posted on Aug, 21 2003 @ 08:23 AM
With the recent postings concerning the Yellowstone SuperCaldera, I got to ruminating about the properties of lava and what some of the mechanisms of
an eruption (especially in supercalderas) could be. I have never studied volcanism, so my thoughts on this are from a working experience with
thixotropic Non-Newtonian fluids, which pretty much defines magma.
First I’ll define some terms:
A Newtonian fluid is any fluid which has a linear relationship between its shear stress and velocity gradient.
A Non-Newtonian fluid is any fluid which DOESN’T have a linear relationship between its shear stress and velocity gradient. There are different
classifications of Non-Newtonian fluids based on the reaction of the shear stress to increasing shear straing (velocity gradient). There are
Plastics, Dilatants and Thixotropic.
Since magma is thixotropic we will center on this class of fluids.
A thixotropic fluid is one that requires some finite amount of shear prior to flowing (it has a yield point basically). The best example of this is
toothpaste. Toothpaste, if a sufficient shear force is not applied, remains in a “gel” form and can suspend an object (i.e. it can resist a shear
force). Once the required shear force is applied to break the “gel strength” the toothpaste then transitions from a “gel” to a flowable “fluid”.
(Ketchup is another good example.) A flowable fluid cannot support a shear force. As long as the thixotropic fluid is flowing, it will remain in the
“fluid” form. But the minute it comes to a stop, it begins to transition back to the gel form, which means its viscosity (resistance to flow)
dramatically increases and you are back to the “required shear force” to get it to move again. These fluids are also known as “shear-thinning”
Now we must drill down to a smaller subclass of thixotropic fluids in order to get where magma belongs. Not only is it thixotropic, but it can also
transition completely to a solid depending on its temperature and pressure. Materials that fall into this category are cement (this is chemically
dependent instead of just temperature and pressure dependent), molten metal, and magma.
This subclass is very important to what I theorize could happen in a supercaldera. Because it is the gel transition phase to a solid that is the
important thing. During this transition time a problem referred to as gas migration can take place. This problem is battled in any industry that
works with these type fluids. For instance, the casting industry goes to great pains to avoid “worm holes” that gas migration can cause during the
gel-to-solid transition time in metal castings. The oil industry is constantly striving to combat “channeling” that can occur in the cement sheath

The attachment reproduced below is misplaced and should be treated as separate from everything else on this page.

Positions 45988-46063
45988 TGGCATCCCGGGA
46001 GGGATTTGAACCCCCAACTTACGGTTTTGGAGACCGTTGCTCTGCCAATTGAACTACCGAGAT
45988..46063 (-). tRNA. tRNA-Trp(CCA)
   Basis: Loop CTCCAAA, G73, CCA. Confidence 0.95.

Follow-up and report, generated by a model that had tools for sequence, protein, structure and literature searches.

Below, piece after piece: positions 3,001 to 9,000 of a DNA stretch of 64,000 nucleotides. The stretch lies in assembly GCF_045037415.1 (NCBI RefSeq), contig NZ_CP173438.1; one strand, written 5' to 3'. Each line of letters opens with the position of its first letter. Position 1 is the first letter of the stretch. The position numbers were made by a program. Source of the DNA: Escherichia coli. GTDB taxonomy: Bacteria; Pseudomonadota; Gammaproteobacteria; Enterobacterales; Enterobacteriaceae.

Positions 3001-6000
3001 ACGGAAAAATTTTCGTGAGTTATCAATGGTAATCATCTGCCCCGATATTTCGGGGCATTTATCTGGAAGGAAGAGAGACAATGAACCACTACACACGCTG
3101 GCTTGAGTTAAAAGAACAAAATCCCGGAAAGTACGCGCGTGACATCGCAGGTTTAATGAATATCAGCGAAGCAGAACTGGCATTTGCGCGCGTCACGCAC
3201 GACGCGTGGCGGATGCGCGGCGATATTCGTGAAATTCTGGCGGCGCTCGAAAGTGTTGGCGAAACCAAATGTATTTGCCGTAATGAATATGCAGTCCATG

when a gas producing zone begins to migrate during the gel-to-solid transition time.
So why is the gel-to-solid transition phase so critical?
Let’s say we have a tall, tall pipe, standing vertical, sealed at the bottom and open at the top. We drill a small hole in the side of the pipe and
start pumping high pressure gas into this hole. The gas will rise up through the pipe and exit out the top. Now, let’s stop pumping the high
pressure gas for a little bit and instead pump a cement slurry in the top of the pipe. Once we have the pipe full, we begin pumping the high pressure
gas back in near the bottom. The column of cement (which right now is still a fluid) creates a hydrostatic head (pressure) at the bottom of the
column dependent on the height of the column. If our column of cement is tall enough (which we are assuming it is) it will have enough hydrostatic
pressure to restrict the gas from flowing upwards.
Now, move forward in time a bit and we get to the gel-to-solid transition time of the cement. We still have our high-pressure gas acting at the
bottom of the cement column. But what is happening now is, the cement slurry is in the process of converting to concrete, and isn’t quite there yet.
It is a gel, with a limited gel strength (like our toothpaste). When the cement hits the gel-transition phase, it no longer acts as a fluid, and it
no longer can produce hydrostatic pressure at the bottom of the column. Hence, our high pressure gas now can “channel” through this gelled cement
because it has enough energy to overcome the gel strength.
Now, in my mind, this channeling is the exact same phenomena that creates volcanoes in the first place. Earth was a big ball of hot stuff in various
forms that coalesced and began to cool…from the outside in. So the outermost layer cooled first but the molten layer below continue to outgas.
Before the outer layer could solidify (during its gel state) the molten layer below “channeled” and then (over large periods of time) continue to move
since it was still fluid…but left its little blow-hole behind in the outer layers.
Now getting to supercalderas, such as that in Yellowstone. We have this massive stream of magma coming up and building pressure through outgassing
and such. If this stream of magma is “mushrooming” over a large space, then the surface area of molten magma contacting the cooler upper crust is
increasing and this will dramatically increase the cooling rate of the top part of the mushroom. If this mushroom top begins a gel-to-solid
transition, it can then no longer hold back the outgassing occurring below, and you’d get a “kick”, or a blow-out.
Am I not correct that part of the concerns here lately are that the heat is rising in an ever-widening area in Yellowstone? Is this a sign that the
magma is mushrooming out? Could we be seeing the signs that the mushroom cap is becoming large enough to start cooling and entering the gel-to-solid
I look forward to any and all inputs concerning my thoughts.